Frequent Blood Donations and Injury Recovery

I’m currently reading Beyond Training by Ben Greenfield and although I don’t think I’m the target audience for the book (endurance athletes) or agree with a lot of what he writes, I did land on a gem of an idea.

Ben writes about how endurance athletes can deplete their iron levels through high levels of training and this could cause injuries or slow their recovery. A quick search confirms all this information, as well as the fact athletes, require more iron than the general population. I’m no longer an endurance athlete, so why should I care?

With a few exceptions, I’ve been donating a pint of blood every 8 weeks for 9 years. In the past year, I have either hit the lowest iron level possible to donate or I’ve been turned away for being just under. In my quest to get my 5-gallon pin for the state of Washington, I have been “studying for the test”, by eating sunflower seeds and orange juice for a few days prior, just to bump up my iron levels for the test.

Note that my iron levels are not low. They are just a bit too low to donate. About two years ago the iron level required to donate was increased here in Seattle. Not to help the recipient of the blood, but so the person donating is still healthy after donating a pint.

I started actively donating blood not only to help others but to help myself. Now, I may have pushed it too far. As of now, I’m going to reduce my blood donations from 6.5 a year to 2. I’ll also make more of an effort to pair iron-rich foods with Vitamin C rich foods. If bumping up my iron levels helps me recover faster, that would be great. It is worth a try.

Has anyone had experience with increasing iron levels to increase recovery times or reduce injuries?


Frequent Blood Donations and Cold Intolerance

I want to give a hat tip to Chuck, who in the comments of my last post, asked me if my frequent blood donations have had an effect on my cold tolerance. That question rattled me, because I have noticed a gradual decline in my cold tolerance each winter – with this year being the worst since 2007-2008.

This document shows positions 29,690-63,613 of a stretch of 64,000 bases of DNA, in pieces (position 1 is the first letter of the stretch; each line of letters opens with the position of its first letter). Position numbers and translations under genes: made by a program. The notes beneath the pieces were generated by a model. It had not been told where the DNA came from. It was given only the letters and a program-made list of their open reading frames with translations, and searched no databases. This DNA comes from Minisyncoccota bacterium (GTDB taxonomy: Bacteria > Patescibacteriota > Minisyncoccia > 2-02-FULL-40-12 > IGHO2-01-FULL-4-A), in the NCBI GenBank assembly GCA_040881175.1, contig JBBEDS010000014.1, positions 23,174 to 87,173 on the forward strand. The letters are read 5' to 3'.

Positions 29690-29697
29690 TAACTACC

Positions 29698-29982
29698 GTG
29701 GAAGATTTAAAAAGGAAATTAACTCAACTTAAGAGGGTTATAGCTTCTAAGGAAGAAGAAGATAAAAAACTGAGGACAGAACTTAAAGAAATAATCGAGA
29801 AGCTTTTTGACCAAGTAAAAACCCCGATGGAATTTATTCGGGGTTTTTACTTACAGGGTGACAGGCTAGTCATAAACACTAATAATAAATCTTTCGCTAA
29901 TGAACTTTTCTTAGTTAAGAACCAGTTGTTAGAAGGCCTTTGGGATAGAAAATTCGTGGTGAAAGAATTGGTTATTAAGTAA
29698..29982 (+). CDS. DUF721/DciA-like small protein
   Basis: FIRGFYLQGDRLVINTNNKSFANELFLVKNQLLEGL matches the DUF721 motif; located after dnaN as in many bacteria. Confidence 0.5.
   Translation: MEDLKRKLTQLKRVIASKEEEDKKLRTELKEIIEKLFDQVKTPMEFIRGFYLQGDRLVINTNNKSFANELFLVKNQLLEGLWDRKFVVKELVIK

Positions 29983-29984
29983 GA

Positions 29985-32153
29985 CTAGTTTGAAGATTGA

The winter of 2007-2008 was my first winter in the Seattle area after living in San Diego since 2000. And boy did I feel cold. At the time I assumed 100% of the reason was because I became a temperature wimp in sunny SoCal. But there may have been a second reason. At that time I was still rarely eating red meat. My diet was probably low in iron.

By the time the winter of 2008 arrived, I not only began cold exposure training, but I also fully embraced red meat as a regular component of my diet. I started throwing heat. I still believe the majority of the benefit I got was from teaching my body how to generate more heat via cold exposure, but now it seems there may have been a dietary component.

A quick search on Iron and Cold Tolerance will pull up pages of results. They mostly state that having a low iron level can increase cold intolerance and cause one to feel tired frequently. The thyroid needs sufficient iron levels to do its job.

Last winter felt colder to me than normal. This winter felt even colder.

What else has changed beside my frequent blood donation? I’ve been eating a Peasant Diet which is much lower in red meat. Also as a result of feeling cold and tired more frequently, I’ve been drinking even more coffee. Coffee can reduce iron absorption by 50%.